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The Peninsula

Domestic Labor Market Faces Coronavirus Headwinds

Published February 18, 2020
Author: Korea View

This briefing comes from Korea View, a weekly newsletter published by the Korea Economic Institute. Korea View aims to cover developments that reveal trends on the Korean Peninsula but receive little attention in the United States. If you would like to sign up, please find the online form here.

What Happened

  • On February 12, Deputy Prime Minister and Finance Minister Hong Nam-ki warned that the coronavirus could enhance uncertainties in the domestic labor market. Report from the Korea Development Institute echoed these concerns.
  • Statistics Korea revealed that the number of jobs occupied by people in their 40s declined for 51 consecutive months.
  • Significant share of the new jobs added in 2019 went to workers who were above the prime working age (25-54).

Implications: Economic uncertainties created by the U.S.-China trade war and the coronavirus outbreak revealed that skilled workers in South Korea’s manufacturing sector are more vulnerable to shocks in the global market. There are two drivers that place skilled manufacturing workers in this precarious position. First, internal changes in the manufacturing sector led to increased automation in domestic plants while more labor-intensive production was outsourced to emerging markets. Second, companies are more likely to terminate skilled workers in their 40s – generally the highest paid workers in the sector – when looking to reduce overhead cost during downturns. Reflecting these vulnerabilities, preliminary data showed that much of the job creation in 2019 went to workers who are outside prime working age. Further shocks could come from work stoppages by Chinese manufacturers due to the coronavirus.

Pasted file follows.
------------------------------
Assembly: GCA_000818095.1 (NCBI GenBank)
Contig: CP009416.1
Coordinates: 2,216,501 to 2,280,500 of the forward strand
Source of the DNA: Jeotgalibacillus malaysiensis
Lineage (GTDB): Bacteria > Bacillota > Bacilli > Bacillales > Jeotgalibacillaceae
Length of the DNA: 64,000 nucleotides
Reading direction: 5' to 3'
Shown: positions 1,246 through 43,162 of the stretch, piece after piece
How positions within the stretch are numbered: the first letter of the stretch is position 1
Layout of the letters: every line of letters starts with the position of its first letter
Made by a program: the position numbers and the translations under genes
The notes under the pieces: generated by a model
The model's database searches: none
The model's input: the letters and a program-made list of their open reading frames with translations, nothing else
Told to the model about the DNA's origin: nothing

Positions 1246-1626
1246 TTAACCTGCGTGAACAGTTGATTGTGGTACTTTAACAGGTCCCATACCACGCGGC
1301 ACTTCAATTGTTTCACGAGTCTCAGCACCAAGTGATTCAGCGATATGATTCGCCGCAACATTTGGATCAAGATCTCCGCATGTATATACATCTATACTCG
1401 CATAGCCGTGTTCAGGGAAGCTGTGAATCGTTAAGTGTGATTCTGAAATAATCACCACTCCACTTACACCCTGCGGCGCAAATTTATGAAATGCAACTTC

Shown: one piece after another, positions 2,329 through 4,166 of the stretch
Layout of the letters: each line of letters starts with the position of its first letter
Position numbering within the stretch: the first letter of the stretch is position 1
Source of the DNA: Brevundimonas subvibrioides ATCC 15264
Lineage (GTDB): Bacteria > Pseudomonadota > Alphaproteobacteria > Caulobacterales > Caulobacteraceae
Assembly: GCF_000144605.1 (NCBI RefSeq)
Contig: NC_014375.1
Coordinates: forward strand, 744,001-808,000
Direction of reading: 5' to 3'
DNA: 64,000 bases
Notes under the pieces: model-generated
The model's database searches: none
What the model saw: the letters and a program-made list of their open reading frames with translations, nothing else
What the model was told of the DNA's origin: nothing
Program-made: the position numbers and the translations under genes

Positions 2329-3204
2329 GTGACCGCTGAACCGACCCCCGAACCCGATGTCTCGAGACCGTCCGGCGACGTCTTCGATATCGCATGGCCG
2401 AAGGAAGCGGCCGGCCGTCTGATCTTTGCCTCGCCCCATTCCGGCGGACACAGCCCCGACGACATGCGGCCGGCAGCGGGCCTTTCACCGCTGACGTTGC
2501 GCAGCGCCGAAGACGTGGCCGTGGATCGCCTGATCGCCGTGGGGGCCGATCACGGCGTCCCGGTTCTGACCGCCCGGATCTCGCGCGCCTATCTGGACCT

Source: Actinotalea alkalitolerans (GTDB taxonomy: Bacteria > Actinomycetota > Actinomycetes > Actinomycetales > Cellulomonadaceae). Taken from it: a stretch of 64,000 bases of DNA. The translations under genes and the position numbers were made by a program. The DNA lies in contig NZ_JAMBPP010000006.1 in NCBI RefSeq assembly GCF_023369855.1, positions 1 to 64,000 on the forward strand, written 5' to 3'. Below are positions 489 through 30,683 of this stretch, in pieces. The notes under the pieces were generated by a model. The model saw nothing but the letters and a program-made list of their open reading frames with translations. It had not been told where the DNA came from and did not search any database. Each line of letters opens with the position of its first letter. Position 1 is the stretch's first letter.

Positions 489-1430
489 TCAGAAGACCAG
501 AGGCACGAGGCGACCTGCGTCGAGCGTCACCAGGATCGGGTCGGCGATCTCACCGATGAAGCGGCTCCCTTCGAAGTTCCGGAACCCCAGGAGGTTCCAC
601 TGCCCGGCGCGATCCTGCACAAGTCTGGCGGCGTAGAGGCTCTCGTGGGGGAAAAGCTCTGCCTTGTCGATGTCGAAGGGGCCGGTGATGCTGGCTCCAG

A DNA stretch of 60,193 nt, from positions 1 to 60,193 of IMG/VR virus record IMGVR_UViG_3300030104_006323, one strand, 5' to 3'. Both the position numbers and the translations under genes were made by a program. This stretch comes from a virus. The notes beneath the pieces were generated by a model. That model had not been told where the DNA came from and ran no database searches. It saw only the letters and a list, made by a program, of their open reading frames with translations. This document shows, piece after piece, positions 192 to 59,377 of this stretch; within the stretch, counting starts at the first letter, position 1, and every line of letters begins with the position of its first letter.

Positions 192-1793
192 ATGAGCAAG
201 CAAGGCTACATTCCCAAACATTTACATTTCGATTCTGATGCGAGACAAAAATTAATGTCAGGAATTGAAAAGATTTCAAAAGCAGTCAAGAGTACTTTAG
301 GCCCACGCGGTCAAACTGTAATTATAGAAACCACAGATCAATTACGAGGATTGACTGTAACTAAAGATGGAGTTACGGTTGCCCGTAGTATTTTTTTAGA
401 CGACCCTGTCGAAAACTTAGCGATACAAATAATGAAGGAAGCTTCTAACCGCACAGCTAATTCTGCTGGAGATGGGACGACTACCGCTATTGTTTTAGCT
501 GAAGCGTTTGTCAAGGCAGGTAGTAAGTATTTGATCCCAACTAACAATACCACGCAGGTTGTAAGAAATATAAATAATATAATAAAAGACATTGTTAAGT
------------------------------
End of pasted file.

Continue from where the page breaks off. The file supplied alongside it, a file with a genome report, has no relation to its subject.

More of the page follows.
Context: Through expanded fiscal spending, the South Korean government has increased the overall number of jobs, but these new opportunities have gone largely to the elderly. Data from August 2019 showed that South Korea’s low unemployment rate obscures the fact that job seekers above the age of 60 accounted for 391,000 out of 452,000 new jobs created during the survey period, while employment declined among the 40-49 age group. The number of people who have reached retirement age but are staying in the workforce also hint at the gravity of elderly poverty in the country – the average age of households in the bottom 20% of income earners is 63.4.

Korea View was edited by Yong Kwon with the help of Gordon Henning, Soojin Hwang, Hyungim Jang, and Ingyeong Park.

Picture from LG Electronics flickr account

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